Mothers in the intervention group reported fewer feelings of stigma 6 months after the intervention ended than did mothers in the control group. Within the intervention group, there was a reduction in two aspects of affective state (depression/dejection and tension/anxiety) and in stigma. However, most outcomes did not differ significantly. There was no reduction in depressive symptoms, in other aspects of affective state, or in HIV worry. Mothers in the intervention group reported higher physical function scores 6 months after the intervention ended compared to control mothers. Other aspects of health-related quality of life, such as perception of health, health distress, energy/fatigue, and role function, did not improve. Within the intervention group, mothers reported fewer infections from enrollment to 1 month after the intervention ended. In contrast, mothers in the control group reported a decline in physical function and overall role function. There was a high drop-out for mothers in both groups. Analysis of enrollment data comparing the mothers who dropped out and mothers who remained in the study indicated that drop-out mothers had significantly higher scores on emotional distress variables and social conflict and lower perceptions of health, suggesting the need for a more targeted intervention with a stronger focus on mental health.
|Study Type ICMJE||Interventional|
|Study Phase||Phase 3|
|Study Design ICMJE||Allocation: Randomized
Endpoint Classification: Efficacy Study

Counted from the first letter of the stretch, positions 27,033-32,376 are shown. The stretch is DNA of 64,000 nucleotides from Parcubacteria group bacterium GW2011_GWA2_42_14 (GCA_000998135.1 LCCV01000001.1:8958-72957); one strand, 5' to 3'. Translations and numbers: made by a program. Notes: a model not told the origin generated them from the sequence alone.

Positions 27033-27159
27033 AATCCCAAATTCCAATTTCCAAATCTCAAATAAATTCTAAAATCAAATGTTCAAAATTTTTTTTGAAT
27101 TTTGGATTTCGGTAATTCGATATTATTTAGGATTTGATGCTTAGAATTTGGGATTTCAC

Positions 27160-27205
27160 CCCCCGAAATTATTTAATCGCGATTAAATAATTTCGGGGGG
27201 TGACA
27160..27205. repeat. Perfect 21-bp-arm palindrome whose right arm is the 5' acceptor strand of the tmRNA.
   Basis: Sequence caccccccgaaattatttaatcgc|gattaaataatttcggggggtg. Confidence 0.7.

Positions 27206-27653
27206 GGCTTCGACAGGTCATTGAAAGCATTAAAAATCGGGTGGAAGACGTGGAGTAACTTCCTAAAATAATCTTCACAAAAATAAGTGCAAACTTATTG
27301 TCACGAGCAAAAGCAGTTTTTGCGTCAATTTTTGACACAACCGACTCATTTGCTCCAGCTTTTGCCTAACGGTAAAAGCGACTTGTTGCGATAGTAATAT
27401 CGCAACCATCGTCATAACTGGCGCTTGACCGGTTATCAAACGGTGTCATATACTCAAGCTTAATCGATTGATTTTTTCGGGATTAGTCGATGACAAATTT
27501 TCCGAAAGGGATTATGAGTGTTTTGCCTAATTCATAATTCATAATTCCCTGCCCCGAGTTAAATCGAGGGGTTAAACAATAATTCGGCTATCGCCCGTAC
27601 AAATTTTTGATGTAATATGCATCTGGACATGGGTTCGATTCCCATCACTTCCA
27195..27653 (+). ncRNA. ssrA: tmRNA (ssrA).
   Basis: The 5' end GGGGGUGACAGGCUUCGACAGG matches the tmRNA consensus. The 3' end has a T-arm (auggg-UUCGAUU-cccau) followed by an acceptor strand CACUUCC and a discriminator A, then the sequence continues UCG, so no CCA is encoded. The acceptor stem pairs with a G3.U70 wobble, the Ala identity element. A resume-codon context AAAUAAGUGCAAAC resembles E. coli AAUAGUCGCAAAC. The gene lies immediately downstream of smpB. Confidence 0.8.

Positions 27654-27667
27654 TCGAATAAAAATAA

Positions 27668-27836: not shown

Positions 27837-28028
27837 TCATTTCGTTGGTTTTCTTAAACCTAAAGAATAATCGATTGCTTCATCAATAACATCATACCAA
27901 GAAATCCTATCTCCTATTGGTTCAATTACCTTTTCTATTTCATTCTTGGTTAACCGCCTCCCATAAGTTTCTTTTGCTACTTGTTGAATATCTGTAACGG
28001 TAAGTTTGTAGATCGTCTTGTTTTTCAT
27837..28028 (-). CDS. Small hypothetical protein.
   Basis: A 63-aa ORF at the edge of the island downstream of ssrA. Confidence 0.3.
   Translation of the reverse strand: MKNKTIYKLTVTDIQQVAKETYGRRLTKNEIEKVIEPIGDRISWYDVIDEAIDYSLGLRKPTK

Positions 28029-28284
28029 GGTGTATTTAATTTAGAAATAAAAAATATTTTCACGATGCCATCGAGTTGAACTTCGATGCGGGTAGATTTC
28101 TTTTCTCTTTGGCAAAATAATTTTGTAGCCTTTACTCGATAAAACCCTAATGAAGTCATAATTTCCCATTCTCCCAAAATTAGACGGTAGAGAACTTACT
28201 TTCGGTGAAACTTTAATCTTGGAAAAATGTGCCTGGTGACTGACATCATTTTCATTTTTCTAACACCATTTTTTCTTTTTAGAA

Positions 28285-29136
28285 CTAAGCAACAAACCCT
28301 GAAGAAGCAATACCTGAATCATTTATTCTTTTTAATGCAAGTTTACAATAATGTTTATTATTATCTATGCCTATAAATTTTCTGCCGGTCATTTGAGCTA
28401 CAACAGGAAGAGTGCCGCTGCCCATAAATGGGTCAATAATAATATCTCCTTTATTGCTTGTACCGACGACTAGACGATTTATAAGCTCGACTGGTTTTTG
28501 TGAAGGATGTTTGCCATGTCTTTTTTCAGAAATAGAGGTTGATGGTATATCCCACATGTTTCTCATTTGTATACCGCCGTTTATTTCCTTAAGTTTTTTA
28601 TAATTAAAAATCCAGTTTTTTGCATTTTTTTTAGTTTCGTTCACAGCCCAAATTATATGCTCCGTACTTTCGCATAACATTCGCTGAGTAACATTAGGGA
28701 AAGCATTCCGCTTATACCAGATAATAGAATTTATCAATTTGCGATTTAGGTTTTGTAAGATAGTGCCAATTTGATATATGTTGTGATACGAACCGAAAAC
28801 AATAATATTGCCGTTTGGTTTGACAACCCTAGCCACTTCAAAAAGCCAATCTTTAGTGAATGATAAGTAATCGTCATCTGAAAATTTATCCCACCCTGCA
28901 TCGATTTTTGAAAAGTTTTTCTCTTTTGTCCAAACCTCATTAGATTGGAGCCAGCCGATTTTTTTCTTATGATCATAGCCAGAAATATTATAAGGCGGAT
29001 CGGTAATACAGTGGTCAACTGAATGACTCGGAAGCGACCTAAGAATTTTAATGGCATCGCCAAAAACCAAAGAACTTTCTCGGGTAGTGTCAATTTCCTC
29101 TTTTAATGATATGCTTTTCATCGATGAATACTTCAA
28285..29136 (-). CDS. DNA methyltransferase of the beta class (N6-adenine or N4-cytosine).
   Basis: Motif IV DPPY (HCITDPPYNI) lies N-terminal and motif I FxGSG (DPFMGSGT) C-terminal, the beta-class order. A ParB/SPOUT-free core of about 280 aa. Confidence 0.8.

Intervention Model: Parallel Assignment
Masking: Open Label
Primary Purpose: Treatment
|Condition ICMJE||HIV Infections|
|Intervention ICMJE||Behavioral: HIV Symptom Education Program|
|Study Arm (s)||Not Provided|
* Includes publications given by the data provider as well as publications identified by ClinicalTrials.gov Identifier (NCT Number) in Medline.
|Recruitment Status ICMJE||Completed|
|Enrollment ICMJE||Not Provided|
|Completion Date||August 1999|
|Primary Completion Date||Not Provided|
|Eligibility Criteria ICMJE||
|Accepts Healthy Volunteers||No|
|Contacts ICMJE||Contact information is only displayed when the study is recruiting subjects|
|Location Countries ICMJE||United States|
|NCT Number ICMJE||NCT00065819|
|Other Study ID Numbers ICMJE||R01NR04416, RR000466GCRC|
|Has Data Monitoring Committee||Not Provided|
|Responsible Party||Not Provided|
|Study Sponsor ICMJE||Eunice Kennedy Shriver National Institute of Child Health and Human Development (NICHD)|
|Collaborators ICMJE||National Institute of Nursing Research (NINR)|
|Information Provided By||Eunice Kennedy Shriver National Institute of Child Health and Human Development (NICHD)|
|Verification Date||June 2003|
ICMJE Data element required by the International Committee of Medical Journal Editors and the World Health Organization ICTRP